I have 2 crystal structures, one for my protein and one for my ligand (I have several protein-ligand pairs). I am using AutoDock Vina to simulate docking, which returns another file of the ligand with updated 3D coordinates. Everything is in pdbqt format, but I can use OpenBabel to convert them if needed.

I am looking for a programmatic way (mainly python, but other languages work as well) to load both the protein and the docked ligand, then extract only the acting atoms which connect the 2 structures together (and the bonds between them).

If a direct answer is too complex, I would be happy if someone could suggest a tool/framework I could use to manipulate this sort of data easily so I can implement a solution on my own.

  • 2
    $\begingroup$ See a related post at Biostars for examples of how to do this with BioStructures.jl and LigPlot+: biostars.org/p/425276 $\endgroup$
    – jgreener
    Commented Apr 7, 2020 at 15:24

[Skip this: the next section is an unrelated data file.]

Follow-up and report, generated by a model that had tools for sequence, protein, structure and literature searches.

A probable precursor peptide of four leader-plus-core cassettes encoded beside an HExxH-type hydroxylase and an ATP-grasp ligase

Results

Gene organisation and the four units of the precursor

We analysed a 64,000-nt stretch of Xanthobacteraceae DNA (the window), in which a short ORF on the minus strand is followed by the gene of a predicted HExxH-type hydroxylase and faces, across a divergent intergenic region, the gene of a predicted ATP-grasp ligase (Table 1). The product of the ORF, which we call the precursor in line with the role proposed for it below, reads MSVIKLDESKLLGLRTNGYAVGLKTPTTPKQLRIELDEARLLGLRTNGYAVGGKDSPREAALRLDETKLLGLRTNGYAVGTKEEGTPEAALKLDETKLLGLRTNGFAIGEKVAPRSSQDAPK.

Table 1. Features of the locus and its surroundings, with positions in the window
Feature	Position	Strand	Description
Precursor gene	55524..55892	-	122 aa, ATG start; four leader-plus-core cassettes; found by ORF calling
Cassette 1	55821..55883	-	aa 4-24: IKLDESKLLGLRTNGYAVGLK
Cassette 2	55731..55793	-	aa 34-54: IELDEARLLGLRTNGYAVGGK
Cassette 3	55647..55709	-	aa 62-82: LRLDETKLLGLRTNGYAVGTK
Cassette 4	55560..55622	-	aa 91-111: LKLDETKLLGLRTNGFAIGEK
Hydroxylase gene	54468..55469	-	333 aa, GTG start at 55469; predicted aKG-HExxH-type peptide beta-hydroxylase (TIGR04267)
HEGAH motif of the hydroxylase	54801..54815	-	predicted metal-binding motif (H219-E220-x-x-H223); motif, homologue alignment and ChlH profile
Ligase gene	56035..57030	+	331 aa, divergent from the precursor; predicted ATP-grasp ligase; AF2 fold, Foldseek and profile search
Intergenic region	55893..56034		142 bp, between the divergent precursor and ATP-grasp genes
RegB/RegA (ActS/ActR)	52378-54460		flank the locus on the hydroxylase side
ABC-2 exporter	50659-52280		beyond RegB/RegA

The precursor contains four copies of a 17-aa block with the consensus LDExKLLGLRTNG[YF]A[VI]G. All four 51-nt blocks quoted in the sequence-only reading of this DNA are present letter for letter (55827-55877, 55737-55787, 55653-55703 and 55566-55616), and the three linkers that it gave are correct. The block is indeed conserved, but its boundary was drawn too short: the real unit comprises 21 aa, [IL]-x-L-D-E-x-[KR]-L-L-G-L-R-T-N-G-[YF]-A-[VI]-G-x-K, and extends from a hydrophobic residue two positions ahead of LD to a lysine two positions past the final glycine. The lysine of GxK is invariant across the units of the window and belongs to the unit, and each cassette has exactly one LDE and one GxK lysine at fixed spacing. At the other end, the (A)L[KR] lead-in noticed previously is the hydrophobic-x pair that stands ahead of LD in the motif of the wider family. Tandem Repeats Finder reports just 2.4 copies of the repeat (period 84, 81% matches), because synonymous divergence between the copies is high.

• $\begingroup$ Thanks. That helps. $\endgroup$
    – Zac R.
    Commented Apr 9, 2020 at 2:11

1 Answer 1


With pymol as a python module (conda install -c schrodinger pymol, not the GUI one), it is very easy.

import pymol2
with pymol2.PyMOL() as pymol:
     pymol.cmd.load('protein.pdbqt', 'protein') # the second is the name within pymol instance.
     pymol.cmd.load('ligand.sdf', 'ligand')
     pymol.cmd.save('neighbours.pdb','ligand expand 3') # get atoms 3 Å around

Done! However, if you are doing stuff in python in the first place you might want the last line as a string: pymol.cmd.get_pdbstr('ligand expand 3'). Changing the selection 'ligand expand 3' to 'byres ligand expand 3' will save the full residues.

Alternatively you can get the atom coordinates themselves etc. with it. To see what attributes Atom has you have you can do this:

for atom in pymol.cmd.get_model('ligand expand 3').atom:

Which will give a large amount of attributes, such as atom.coord, which is a 3-element list.


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